TRAVERSE CITY, MI – Just when auto makers thought they had put environmentally related policy-making behind them with last year’s increase in federal fuel-economy rules, it appears likely their visits to Washington have only just begun.
Industry insiders say auto makers must fully participate in the formation of new climate- change laws or risk becoming a target of lawmakers and regulators as they did with the new corporate average fuel economy rules contained in last year’s Energy Independence and Security Act.
Kim Hill, director-automotive communities at the Center for Automotive Research and co-chair of a Management Briefing Seminars sessions here on the industry’s role in the energy debate, calls the burden auto makers face with the new CAFE rules a result of years of perceived foot-dragging when it came to improving fleet fuel economy.
“Maybe it was payback time,” Hill says. “I’m not going to make a judgment on it, but it sure seems to be the case.”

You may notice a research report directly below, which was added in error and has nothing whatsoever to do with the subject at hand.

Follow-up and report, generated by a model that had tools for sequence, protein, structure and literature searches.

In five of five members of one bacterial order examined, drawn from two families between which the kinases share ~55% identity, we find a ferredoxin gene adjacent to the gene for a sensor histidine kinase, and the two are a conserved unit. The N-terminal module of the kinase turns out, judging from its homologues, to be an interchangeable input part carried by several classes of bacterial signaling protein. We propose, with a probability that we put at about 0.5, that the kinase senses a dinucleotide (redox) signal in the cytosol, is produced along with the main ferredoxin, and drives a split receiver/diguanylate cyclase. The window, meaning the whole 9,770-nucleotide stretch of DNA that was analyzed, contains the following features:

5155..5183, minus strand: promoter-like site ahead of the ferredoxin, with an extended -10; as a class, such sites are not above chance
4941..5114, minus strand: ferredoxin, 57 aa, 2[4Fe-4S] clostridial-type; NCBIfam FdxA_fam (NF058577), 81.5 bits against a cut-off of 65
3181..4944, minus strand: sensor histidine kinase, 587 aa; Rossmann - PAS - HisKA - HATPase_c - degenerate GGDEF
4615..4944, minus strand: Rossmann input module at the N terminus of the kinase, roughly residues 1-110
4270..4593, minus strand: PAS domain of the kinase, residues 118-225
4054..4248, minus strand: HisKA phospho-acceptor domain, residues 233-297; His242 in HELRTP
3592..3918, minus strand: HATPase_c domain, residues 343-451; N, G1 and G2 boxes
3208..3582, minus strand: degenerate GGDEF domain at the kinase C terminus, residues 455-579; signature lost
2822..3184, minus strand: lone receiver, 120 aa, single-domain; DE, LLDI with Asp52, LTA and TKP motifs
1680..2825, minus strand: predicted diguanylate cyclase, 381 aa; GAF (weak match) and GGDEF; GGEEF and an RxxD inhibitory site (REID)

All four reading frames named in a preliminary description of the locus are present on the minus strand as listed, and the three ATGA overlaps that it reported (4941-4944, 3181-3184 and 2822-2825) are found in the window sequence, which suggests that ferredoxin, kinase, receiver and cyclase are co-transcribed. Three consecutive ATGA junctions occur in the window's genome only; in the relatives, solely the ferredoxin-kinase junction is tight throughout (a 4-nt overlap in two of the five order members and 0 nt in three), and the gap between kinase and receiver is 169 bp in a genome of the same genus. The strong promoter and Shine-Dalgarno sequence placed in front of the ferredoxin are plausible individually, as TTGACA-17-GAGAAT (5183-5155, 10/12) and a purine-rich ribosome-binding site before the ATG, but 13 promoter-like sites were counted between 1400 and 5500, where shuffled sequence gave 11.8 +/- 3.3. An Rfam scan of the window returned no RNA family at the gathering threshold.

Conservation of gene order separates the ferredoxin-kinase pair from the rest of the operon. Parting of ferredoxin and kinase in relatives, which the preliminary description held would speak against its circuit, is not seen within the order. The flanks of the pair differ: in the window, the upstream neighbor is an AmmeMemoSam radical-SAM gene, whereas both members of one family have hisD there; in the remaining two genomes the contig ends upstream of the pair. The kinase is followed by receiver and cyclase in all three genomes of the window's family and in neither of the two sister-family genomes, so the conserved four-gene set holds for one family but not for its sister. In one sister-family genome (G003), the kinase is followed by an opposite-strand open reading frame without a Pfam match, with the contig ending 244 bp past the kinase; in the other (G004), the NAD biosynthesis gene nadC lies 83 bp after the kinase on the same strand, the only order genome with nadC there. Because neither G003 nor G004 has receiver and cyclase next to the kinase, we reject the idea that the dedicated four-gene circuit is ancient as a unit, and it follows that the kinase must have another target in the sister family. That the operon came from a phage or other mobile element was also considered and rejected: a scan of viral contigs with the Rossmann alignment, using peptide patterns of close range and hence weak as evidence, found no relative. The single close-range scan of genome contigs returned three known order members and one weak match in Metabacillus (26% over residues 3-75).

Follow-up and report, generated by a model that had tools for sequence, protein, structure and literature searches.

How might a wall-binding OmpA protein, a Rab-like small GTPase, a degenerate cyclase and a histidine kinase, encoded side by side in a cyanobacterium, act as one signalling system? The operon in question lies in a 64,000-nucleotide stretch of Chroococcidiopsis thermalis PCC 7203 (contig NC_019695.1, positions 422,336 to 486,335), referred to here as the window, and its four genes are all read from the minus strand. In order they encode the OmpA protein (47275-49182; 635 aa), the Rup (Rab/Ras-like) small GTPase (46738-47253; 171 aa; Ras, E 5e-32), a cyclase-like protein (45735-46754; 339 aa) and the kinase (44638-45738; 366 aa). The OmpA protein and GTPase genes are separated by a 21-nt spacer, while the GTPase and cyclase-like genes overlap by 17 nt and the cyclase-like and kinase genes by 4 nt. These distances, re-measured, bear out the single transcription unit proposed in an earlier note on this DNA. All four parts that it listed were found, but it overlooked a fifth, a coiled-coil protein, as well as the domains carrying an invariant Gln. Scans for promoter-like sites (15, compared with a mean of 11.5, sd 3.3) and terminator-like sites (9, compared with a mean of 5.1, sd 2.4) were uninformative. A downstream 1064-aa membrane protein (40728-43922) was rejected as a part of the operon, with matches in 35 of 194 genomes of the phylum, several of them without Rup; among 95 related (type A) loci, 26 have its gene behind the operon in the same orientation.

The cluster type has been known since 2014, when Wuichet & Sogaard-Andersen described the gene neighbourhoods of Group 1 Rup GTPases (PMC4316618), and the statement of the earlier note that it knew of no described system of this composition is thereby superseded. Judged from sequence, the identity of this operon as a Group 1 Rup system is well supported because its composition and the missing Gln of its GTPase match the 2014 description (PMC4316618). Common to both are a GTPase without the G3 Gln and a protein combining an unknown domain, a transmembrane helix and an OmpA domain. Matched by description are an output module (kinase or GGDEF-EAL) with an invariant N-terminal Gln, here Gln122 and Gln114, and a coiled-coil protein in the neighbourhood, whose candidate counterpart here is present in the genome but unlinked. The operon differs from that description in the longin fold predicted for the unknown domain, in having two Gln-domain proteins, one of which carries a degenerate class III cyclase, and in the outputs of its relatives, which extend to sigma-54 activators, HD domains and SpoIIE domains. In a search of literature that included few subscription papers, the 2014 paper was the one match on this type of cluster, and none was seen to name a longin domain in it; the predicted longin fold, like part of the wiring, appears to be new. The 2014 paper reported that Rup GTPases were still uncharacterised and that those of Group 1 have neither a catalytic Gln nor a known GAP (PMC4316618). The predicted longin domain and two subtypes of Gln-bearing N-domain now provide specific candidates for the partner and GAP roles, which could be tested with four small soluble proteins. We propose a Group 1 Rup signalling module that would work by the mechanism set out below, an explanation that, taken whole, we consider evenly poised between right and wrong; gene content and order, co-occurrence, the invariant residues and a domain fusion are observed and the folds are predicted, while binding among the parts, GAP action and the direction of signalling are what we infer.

Without the industry participating in the drafting of climate-change policy, Hill says consumers soon could find themselves driving a horse and buggy instead of the much-heralded Chevrolet Volt plug-in hybrid-electric vehicle fromCorp.
“It is imperative the industry be part of that discussion,” Hill says.
Mike Stanton, president and CEO of the Association of International Automobile Manufacturers, agrees. Stanton says a total of 11 bills in Congress address climate change and that has led to political gridlock. Such a bottleneck opens the doors to regulators such as the Environmental Protection Agency, National Highway Traffic Safety Admin. and State of California.
“All of them want the same result, but they all have different ideas of how to get there,” he says.
Stanton says it appears unlikely the auto industry will find a voice in either presumptive presidential candidate. Sen. John McCain would like a CAFE standard of 40 mpg (5.9 L/100 km), while Senator Barack Obama has proposed 50 mpg (4.7 L/100 km)
“Neither candidate has been terribly supportive of (the auto industry) in the past,” he says. “It presents some challenges.”
Instead of fighting climate-change legislation, Stanton says, auto makers must recognize “we are part of the problem, so we need to be part of the solution.
“We know one thing,” he adds. “It is going to be a bumpy ride.”